Rescission Decision

Tax Expenditures Belong on the Cutting Block

Congress should question the White House’s omission of $1 trillion in tax expenditures in its new proposal to cut wasteful spending, writes Sima J. Gandhi.

The House Budget Committee will hold a hearing Thursday morning on a White House proposal to give the president authority to force reconsideration of items in spending bills that he concludes are not a good use of public resources. Under this rescission measure, the president could send recommended spending cuts back to Congress for an up-or-down vote.

Unfortunately, the Reduce Unnecessary Wasteful Spending Act of 2010 excludes from the presidential scalpel one of the largest categories of government spending: tax expenditures, or more simply, government subsidies that are doled out through the tax code. The failure to include tax expenditures in the president’s spending-reduction measure leaves more than $1 trillion off the table.

Lawmakers should press administration officials at Thursday’s hearing about this regrettable omission from the new proposal. White House Director of the Office of Management and Budget, Peter Orszag, has said tax expenditures were considered for inclusion in the bill, even though the White House ultimately left them out. He indicated that the Obama administration is "interested in exploring whether there is any way to incorporate tax entitlements and, frankly, all mandatory spending in a way that is constitutional and does not create procedural problems with the provisions."

Congress should follow up this week by asking Orszag’s acting deputy director, Joseph Liebman, who is scheduled to testify Thursday, to identify the steps the administration has taken in this exploration. And importantly, to outline the steps the administration will take.

The stakes are high. Subsidies provided through tax expenditures will amount to nearly 25 percent of total government spending. And this amount is growing. There were 133 tax expenditure items in 2000. The most recent budget listed 173 items.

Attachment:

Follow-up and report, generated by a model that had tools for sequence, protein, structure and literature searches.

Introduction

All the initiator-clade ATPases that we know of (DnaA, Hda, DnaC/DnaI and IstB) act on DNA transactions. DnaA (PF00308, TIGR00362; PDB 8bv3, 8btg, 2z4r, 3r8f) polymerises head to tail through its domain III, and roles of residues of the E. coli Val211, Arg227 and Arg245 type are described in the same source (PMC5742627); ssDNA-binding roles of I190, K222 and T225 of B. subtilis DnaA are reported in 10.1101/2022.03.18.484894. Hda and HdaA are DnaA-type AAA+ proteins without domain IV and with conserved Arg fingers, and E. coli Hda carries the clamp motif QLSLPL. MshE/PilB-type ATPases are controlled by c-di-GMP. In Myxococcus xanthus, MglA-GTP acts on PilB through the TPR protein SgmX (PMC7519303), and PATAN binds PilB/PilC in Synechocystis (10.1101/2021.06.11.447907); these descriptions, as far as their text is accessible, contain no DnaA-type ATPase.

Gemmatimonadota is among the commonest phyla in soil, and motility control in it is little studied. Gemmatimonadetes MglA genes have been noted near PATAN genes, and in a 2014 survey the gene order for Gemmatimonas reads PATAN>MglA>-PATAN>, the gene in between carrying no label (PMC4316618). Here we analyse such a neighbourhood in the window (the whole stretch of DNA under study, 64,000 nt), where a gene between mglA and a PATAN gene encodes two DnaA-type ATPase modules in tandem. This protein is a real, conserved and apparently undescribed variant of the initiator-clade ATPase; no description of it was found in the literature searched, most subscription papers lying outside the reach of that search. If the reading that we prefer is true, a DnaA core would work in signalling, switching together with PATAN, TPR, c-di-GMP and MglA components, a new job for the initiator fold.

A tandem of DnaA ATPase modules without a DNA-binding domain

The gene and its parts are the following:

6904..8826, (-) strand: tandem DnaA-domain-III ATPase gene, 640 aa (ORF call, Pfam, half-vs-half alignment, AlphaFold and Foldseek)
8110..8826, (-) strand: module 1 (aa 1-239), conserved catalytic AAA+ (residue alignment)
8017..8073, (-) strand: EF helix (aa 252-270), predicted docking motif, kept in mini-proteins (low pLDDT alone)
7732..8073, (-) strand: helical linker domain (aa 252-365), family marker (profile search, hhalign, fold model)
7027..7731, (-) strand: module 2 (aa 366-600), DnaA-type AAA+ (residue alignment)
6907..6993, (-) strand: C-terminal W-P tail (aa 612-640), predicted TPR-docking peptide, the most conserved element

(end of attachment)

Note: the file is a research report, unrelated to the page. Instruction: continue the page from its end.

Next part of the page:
Spending-control mechanisms that ignore this spending would have the perverse effect of encouraging Congress to circumvent presidential spending controls by spending even more money through the tax code, where government spending is essentially free from budget scrutiny. Instead of offering a subsidy as a grant or a check—spending that might be subject to rescission authority—Congress could ensure spending would pass the president’s desk by simply repackaging the subsidy as a tax expenditure.

Tax expenditures are government spending programs authorized through the tax code. This spending—which is delivered to individuals and businesses via tax deductions, credits, preferential rates, exclusions, exemptions, and deferrals—looks on its face different from other forms of government spending. But spending programs implemented through the tax code are economically equivalent to direct spending programs that are implemented through grants or direct services. With direct spending, the government cuts a check to the recipient. In the case of a tax expenditure, a recipient’s tax is reduced by the amount of the transfer. Either way, the recipient pockets the same amount of money.

For example, the government could encourage a company to drill for oil by sending it a check to do so. Or, as it does now, the government can offer an oil company a tax deduction for drilling oil.

Spending-control measures that fail to address tax expenditures are less effective. As written, the Reduce Unnecessary Wasteful Spending Act would allow legislation with large swaths of wasteful spending to pass the president’s desk without a second look—so long as they are packaged as tax expenditures. Consider the current extenders bill, which contains more than $30 billion in tax expenditures. Among these are a tax subsidy for NASCAR racetrack owners of nearly $50 million and a $100 million tax subsidy for oil companies.